Tom Barret, writing for the Tyee, has also questioned why so many Conservatives who were very vocal about their socially conservative views have become quiet this election. Barret points out that several Conservative candidates not only hold right-wing religious beliefs, but some are directly tied to groups like Focus on the Family. Focus on the Family’s Canadian wing is an off-shoot of the controversial US group led by Dr. James Dobson.
One Conservative candidate in BC, Darrel Reid, is a past president of Focus on the Family Canada and was backed in his nomination bid by Defend Marriage. Reid’s involvement with the religious right caused his riding president to quit.
The Conservatives under Stephen Harper have softened and obscured their contacts with the religious right and have done their level best to deny contacts with the Bush government and the Republican Party in the United States. They have simultaneously tried to move away from their past policies and suddenly become silent on issues that have been the driving force for much of the existence of the Reform Party, The Alliance, and the “new” Conservative Party. Many of these issues, such as same-sex marriage; abortion; deep integration with the US; and trade and economic policies that benefit big business to the detriment of working people and small business are the same issues that have driven one Republican campaign after another. Considering that the Conservatives sent a delegation to Republican National Convention and have many ties to the groups that have supported the Republican Party’s regressive social policies, it is very important that voters know where Harper and his party stand on the issues.
Recently Stephen Harper claimed to have evolved in his views over the last decade or so. It was only a short while ago that Mr. Harper told a Vancouver radio station that he had no intention of changing his views and that he didn’t believe in image make-overs. According to documentation on the Liberal website, Stephen Harper and other leading Conservatives have participated in fund-raising events for the Canadian Alliance for Social Justice and Family Values Association. According to the document on the Liberal site, “On March 31, 2005, less than one year ago, Stephen Harper helped raise approximately $15,000 for a far-right, third-party social policy advocacy group called the Canadian Alliance for Social Justice and Family Values Association (CASJAFVA) at a large fundraising dinner in Richmond, British Columbia. CASJAFVA lobbies governments on social policy issues such as same sex marriage and abortion and publishes a bi-monthly magazine advocating conservative social policies using reprehensible images, including caricatures of Prime Ministers Martin and Chrétien as Nazi’s pictured with Hitler. (PDFs of these magazine covers are attached below) The publication also includes extreme statements comparing same sex marriage to child molestation, necrophilia and torture.”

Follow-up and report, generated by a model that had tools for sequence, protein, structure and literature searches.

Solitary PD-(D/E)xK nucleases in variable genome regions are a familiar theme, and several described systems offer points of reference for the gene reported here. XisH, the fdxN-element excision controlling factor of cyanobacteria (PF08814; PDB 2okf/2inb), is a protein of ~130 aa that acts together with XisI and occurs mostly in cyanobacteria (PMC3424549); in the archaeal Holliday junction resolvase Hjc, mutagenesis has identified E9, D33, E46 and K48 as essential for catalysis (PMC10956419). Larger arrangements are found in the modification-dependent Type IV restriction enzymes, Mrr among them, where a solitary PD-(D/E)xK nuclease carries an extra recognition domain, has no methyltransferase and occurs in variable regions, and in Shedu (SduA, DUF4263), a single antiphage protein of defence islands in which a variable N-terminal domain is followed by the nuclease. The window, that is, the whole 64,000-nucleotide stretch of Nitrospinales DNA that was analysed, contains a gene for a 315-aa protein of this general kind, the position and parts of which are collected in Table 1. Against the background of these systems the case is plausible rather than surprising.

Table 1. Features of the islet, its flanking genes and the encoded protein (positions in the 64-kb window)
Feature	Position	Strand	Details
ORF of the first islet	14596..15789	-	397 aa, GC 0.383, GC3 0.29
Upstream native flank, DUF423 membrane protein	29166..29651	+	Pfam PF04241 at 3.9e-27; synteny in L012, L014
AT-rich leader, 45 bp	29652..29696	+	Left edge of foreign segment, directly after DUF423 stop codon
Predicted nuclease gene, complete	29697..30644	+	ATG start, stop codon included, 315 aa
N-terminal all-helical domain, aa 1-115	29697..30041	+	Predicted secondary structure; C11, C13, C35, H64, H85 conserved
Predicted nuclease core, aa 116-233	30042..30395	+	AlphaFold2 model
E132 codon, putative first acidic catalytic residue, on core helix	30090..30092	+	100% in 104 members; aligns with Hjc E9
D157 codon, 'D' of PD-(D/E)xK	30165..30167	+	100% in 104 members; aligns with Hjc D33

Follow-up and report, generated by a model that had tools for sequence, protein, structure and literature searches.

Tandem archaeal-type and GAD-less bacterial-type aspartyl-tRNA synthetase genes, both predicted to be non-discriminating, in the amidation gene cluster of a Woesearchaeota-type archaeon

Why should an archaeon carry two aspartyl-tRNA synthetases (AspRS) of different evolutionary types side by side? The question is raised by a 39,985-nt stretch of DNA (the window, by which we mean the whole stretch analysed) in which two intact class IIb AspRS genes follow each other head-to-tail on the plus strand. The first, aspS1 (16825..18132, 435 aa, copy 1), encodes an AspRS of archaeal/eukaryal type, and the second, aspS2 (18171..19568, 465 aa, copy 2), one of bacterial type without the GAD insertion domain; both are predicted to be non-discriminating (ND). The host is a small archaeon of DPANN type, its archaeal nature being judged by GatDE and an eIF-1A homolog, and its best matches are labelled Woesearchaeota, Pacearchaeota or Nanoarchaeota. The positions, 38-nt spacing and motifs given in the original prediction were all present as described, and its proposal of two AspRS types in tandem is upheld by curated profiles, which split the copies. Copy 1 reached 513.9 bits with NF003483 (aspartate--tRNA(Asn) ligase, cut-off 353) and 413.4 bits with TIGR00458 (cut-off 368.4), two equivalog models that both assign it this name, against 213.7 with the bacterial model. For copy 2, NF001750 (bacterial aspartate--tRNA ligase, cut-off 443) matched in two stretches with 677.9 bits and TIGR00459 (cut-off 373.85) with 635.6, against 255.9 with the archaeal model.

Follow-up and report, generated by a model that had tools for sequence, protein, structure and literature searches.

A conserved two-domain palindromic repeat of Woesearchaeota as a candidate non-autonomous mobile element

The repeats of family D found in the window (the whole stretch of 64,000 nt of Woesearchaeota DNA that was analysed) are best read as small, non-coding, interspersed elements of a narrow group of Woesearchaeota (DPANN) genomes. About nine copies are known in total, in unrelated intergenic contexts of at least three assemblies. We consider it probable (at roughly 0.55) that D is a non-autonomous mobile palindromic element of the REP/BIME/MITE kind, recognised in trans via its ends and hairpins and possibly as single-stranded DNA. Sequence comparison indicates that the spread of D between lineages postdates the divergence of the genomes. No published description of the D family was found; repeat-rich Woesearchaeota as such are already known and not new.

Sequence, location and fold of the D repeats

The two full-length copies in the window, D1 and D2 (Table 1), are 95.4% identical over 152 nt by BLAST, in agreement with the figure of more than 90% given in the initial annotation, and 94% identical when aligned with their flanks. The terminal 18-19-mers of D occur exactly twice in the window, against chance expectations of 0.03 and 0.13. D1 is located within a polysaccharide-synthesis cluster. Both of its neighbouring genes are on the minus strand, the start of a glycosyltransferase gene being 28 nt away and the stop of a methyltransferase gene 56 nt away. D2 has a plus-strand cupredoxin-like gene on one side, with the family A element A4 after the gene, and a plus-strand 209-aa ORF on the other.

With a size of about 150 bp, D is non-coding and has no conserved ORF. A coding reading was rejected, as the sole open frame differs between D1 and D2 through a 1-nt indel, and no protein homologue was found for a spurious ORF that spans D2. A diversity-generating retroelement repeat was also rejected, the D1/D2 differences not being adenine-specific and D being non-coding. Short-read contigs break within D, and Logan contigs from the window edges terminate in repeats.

Since the Vancouver interview and the March 31, 2005 fund-raiser Harper attended, he has claimed to have changed his views on several issues, has undergone a major image make-over, and has gone out of his way to silence his candidates on issues when he knows those candidates have views that are at odds with many Canadians. Personal evolution over a decade may be possible for an individual, but such evolution over six months is highly unlikely.
In a party that promises to allow free votes over social issues, each candidate must be shown to have evolved, or at least be encouraged to express their views to the voters in their riding. Having a leader, who has made a point of assuming no responsibility for the way his party members vote, claim to have undergone a conversion simply is not good enough. If they are allowed to vote contrary to the official Conservative platform on issues like abortion, then each candidate must make it clear exactly where they stand on such issues.
It is time for the Canadian media to shine a bright light on Mr. Harper, his party, and their connections to right-wing religious organisations, the Republican Party and the Bush regime. The best interests and sovereignty of Canada are not promoted by religious lobby groups or their political friends in the United States. To ignore these ties would be Bush-league.
[Proofreader's note: this article was edited for spelling and typos on January 15, 2006]
article for The Globe a...
Liberal attack ads
so-called Firewall Letter
article in the Halifax ...